Date of Publication


Document Type


Degree Name

Master of Science (M.S.) in Biology






Lissorchis heterorchis



Physical Description

1 online resource (v, 49 leaves, ill. 28 cm.)


Many Flumenicola virens (Lea) collected from Crystal Springs Creek and Tualatin River, Portland, Oregon, were found to shed large numbers of a species of microcercous cercariae containing refractile granules. They resembled the cercariae of Triganodistomum mutabile (=Lissorchis mutabile Cort, 1918 as described by Wallace (1939), and subsequent experiments proved that they were the larval stages of what was described by Macy and Krygier (1969), as Lissorchis heterorchis. Encystment of these cercariae was induced experimentally in uninfected adult brown planarians collected partly from Crystal Springs Creek and partly from Carolina Biological Research Station in Gladstone, Portland, Oregon. Adult flukes were obtained by feeding infected planarians to rough-scaled suckers which occur in some creeks and rivers in Oregon. In another experiment, eggs recovered from adult Lissorchis heterorchis Macy and Krygier, were experimentally fed to snails, Flumenicola virens (Lea). The snails after five weeks of incubation in an aquarium developed cercariae which matched both in morphology and measurements with the cercariae from the naturally infected snails, Flumenicola virens. The experimental cercariae were also induced to encyst in the uninfected planarians from the Crystal Springs. These cysts matched with cysts from the first experiment with respect to the measurements.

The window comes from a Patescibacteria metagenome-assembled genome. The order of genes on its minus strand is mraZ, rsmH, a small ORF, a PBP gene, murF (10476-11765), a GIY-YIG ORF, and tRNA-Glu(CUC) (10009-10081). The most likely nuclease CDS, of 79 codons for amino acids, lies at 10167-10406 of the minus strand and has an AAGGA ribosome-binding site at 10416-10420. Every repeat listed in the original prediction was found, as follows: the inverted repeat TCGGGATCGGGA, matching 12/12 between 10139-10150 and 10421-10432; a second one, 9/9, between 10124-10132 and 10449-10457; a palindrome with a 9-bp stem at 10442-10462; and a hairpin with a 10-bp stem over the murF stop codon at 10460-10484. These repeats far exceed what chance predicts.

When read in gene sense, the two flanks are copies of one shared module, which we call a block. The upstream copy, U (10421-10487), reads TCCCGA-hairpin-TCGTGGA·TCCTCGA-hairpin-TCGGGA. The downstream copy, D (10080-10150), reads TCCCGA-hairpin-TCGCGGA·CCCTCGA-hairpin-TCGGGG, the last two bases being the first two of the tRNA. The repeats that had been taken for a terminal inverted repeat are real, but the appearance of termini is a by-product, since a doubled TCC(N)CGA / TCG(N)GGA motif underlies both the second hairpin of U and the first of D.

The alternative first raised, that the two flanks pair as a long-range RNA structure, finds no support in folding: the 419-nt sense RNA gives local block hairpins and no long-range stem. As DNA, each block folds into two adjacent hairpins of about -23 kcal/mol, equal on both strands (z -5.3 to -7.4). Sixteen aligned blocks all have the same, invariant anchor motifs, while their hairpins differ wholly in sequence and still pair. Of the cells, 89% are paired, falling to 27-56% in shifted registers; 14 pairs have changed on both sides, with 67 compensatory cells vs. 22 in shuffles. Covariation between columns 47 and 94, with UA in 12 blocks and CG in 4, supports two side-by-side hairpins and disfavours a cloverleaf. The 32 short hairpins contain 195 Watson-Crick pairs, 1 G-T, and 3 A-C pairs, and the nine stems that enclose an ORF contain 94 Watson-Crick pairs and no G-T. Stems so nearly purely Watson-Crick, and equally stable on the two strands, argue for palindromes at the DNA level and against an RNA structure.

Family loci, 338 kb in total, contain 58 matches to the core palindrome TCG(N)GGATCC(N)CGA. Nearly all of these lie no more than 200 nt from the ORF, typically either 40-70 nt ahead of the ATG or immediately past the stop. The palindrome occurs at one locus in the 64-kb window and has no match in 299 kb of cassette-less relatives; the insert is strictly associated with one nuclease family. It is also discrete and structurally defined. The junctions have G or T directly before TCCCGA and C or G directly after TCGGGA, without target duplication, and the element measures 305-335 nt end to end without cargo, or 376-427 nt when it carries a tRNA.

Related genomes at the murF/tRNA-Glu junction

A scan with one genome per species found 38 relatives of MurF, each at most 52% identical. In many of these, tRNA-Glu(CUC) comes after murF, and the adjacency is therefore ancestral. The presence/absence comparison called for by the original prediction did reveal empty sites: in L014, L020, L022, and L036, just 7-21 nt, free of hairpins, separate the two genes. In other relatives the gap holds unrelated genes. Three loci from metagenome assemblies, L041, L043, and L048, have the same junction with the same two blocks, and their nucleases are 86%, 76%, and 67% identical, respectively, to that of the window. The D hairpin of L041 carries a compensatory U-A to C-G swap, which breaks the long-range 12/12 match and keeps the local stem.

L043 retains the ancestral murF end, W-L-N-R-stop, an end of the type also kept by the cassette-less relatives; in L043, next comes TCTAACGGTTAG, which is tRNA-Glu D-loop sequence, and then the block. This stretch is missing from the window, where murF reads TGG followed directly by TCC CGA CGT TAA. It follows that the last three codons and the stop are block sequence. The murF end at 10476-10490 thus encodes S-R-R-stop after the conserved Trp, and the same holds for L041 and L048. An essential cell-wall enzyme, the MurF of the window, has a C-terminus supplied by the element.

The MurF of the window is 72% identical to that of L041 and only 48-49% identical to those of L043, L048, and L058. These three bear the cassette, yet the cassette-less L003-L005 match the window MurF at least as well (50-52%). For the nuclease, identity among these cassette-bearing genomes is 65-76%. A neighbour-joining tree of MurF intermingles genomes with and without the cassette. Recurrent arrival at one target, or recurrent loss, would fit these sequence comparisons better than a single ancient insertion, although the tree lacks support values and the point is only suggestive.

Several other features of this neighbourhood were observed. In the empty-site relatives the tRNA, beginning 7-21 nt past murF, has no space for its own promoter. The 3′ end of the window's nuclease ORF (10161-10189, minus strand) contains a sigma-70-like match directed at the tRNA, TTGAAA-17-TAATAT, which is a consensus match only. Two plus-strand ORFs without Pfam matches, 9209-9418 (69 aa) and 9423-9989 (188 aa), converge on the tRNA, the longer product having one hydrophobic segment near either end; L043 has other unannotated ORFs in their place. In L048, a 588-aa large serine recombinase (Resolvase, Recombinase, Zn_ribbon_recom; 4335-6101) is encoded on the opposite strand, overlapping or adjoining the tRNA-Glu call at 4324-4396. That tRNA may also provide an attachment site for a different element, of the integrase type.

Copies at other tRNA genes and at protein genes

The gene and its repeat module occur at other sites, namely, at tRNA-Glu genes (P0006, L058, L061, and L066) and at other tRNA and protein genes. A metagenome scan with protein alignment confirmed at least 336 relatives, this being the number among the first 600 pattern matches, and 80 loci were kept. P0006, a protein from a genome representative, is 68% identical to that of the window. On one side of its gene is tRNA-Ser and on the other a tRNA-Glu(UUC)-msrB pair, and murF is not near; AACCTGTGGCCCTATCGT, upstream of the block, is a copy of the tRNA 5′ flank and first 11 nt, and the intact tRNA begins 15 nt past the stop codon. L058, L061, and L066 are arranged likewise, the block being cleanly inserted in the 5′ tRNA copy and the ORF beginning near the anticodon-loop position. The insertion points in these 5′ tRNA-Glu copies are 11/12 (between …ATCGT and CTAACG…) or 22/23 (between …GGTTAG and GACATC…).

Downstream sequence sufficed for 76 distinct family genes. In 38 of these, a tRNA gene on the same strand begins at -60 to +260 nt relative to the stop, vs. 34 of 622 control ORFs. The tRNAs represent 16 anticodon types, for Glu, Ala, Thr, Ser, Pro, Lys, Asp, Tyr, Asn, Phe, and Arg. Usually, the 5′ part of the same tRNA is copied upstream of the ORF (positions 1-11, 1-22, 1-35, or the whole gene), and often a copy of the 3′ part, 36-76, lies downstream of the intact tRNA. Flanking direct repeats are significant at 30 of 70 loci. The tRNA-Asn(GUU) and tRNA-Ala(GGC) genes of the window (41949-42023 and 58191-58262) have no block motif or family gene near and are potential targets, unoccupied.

Thus, this life cycle follows the same pattern described by Wallace (1939) in which the eggs of the adult Lissorchis mutrmediate host develops into rediae that gave rise to lissorchid cercariae. The cercariae produced encyst in planaria or an annelid, tentatively identified as Chaetogaster limnaei v Baer the metacercariae of which when eaten by a sucker develops into adult Lissorchis mutabile.

For this life cycle under investigation, two intermediate hosts are necessary, one, a snail, and two, a planarian or an annelid. Direct infection of the definitive host with the eggs or the unencysted cercariae shows that no adults are formed. Attempted infection of the definitive host with infected planarians in which the cysts were less than five weeks old in the planaria also shows that no adults were formed.

Experiments carried out on the shedding rate of cercariae shows that the cercariae are shed in small numbers so that the productivity of cercariae is low. Examination of 7200 Flumenicola shows that there is only 3% incidence in these snails and there is no marked seasonal variation in the incidence. Continous light inhibits the rate of cercaria discharge whereas continuous darkness promotes the rate of cercaria discharge.


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Portland State University. Department of Biology

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